A few days after the release of the latest census data revealed that Canada’s seniors now outnumber its children, new jobs numbers for April reinforce the picture of a greying country. Employment among Canadians aged 55 and older swelled by 24,000 in April, mostly in full-time work. Meanwhile, fewer young people were searching for work at all, Statistics Canada reported.
What the numbers are saying isn’t that scores of older Canadians suddenly got jobs, but that lots of boomers are turning 55, boosting the body count in that age group.
And yet, those data are still the portrait of a thriving boomer population who keeps on working and hanging on to coveted full-time positions.
Contrast that with what’s happening among Canada’s youngest workers, those aged 15 to 24. They were mainly responsible for pushing the unemployment rate from 6.7 per cent down to 6.5 per cent, the lowest level since 2008. But the drop, Statistics Canada said, mostly reflected the fact that fewer youth are looking for a job.
What does this all mean?
Boomers don’t just hold a lot of the full-time jobs, they also enjoy remarkable job stability. Around two-thirds of Canadians in the post-war generation entered their 50s having held down the same job for 12 years or more, according to a 2013 StatsCan study.
“In fact, most had worked for the same firm or organization for far longer—often 20 years or more—and even this is an underestimation since most started their longest job prior to the start of our reference period,” the study reads.
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“The prevalence and duration of long-term jobs among this cohort suggest that the working lives of most baby boomers were quite stable,” the authors continue.
At least half of boomers with long-term jobs didn’t experience a single layoff over a 28-year period. Conversely, workers under 35 experienced the highest degree of job instability, the report found.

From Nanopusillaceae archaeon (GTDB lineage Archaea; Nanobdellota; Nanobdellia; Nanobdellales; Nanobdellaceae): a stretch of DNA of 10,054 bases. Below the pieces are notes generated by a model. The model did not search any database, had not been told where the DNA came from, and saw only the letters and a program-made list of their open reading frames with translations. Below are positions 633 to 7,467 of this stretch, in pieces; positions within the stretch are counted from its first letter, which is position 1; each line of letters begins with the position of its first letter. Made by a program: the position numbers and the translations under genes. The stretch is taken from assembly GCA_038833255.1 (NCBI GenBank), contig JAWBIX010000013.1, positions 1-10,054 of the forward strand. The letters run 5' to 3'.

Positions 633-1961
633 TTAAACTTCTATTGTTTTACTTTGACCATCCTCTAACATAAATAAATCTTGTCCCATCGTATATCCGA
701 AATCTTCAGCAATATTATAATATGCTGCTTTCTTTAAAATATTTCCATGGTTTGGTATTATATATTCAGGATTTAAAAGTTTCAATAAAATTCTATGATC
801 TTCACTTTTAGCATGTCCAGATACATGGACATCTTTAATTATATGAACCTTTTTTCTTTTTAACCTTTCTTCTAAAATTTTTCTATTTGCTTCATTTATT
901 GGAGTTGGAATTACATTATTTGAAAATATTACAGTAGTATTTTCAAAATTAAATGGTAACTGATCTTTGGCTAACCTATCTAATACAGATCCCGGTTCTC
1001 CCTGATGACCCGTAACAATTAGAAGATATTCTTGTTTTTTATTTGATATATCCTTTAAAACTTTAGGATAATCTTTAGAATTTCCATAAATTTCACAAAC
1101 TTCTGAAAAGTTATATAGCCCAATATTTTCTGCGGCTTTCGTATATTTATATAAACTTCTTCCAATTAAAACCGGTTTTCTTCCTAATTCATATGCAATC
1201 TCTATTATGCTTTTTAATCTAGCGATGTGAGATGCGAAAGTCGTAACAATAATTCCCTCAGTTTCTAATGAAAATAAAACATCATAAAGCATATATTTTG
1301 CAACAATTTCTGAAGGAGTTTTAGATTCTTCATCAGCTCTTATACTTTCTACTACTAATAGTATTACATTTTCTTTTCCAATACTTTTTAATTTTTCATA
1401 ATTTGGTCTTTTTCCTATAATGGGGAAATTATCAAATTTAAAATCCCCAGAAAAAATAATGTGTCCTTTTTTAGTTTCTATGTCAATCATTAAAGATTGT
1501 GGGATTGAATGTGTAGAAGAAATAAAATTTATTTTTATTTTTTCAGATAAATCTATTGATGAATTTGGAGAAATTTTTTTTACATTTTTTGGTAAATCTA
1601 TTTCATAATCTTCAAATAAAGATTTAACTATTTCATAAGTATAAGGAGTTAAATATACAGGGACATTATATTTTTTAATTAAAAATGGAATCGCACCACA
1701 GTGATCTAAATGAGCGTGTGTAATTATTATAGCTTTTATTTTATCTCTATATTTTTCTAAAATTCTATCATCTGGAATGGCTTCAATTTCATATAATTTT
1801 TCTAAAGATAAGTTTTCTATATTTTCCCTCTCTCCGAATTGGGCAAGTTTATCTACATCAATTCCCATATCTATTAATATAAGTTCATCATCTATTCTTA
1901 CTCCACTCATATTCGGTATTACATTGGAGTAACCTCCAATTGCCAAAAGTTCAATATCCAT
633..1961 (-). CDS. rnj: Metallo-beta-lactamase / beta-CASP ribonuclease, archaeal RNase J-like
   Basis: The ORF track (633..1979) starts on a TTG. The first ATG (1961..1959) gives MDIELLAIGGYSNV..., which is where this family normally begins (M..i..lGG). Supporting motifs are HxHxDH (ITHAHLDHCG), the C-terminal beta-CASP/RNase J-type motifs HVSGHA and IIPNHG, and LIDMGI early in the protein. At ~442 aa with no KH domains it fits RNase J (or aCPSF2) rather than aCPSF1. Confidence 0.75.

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In addition to coping with more precarious employment, Canada’s millennials are also dropping out or staying out of the workforce in greater numbers.
The labour force participation rate among those aged 20 to 24 dropped from 79 per cent in 2004 to 75.5 per cent last month, Douglas Porter, chief economist at BMO Financial Group told Global News.
It’s unclear whether that reflects the fact that more young people are staying in school longer or that many of them have become discouraged after attempting in vain to land employment, Porter noted.
Some economists, however, find the statistic troubling.
Among them is Bank of Canada governor Stephen Poloz, who recently told Maclean’s magazine that the bank is gunning for higher economic growth in part to help pull more young Canadians back into the workforce.
Around 120,000 people between 15 and 25 have fallen out of the workforce, the governor noted.
Boomers are often blamed for the job struggles of Canadians, but the link between older workers staying put and younger ones not finding jobs is anything but obvious.
Having older workers lingering in the workforce can be frustrating for slightly younger colleagues who might otherwise move up into more senior positions, said Porter.
In general though, the fact that boomer workers keep on chugging along is good for the economy, he added.
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The children of the baby boom account for a considerable chunk of Canada’s overall workers, and economists are fretting about the day when most of them will be retired.
Growth in the labour force accounts for two-thirds of economic growth, David Foot, an economics professor at the University of Toronto and author of a landmark book on the economic impact of the boomer generation, told the Globe and Mail.
Boomers’ retirement, economists fear, will mean slower economic growth for everyone.
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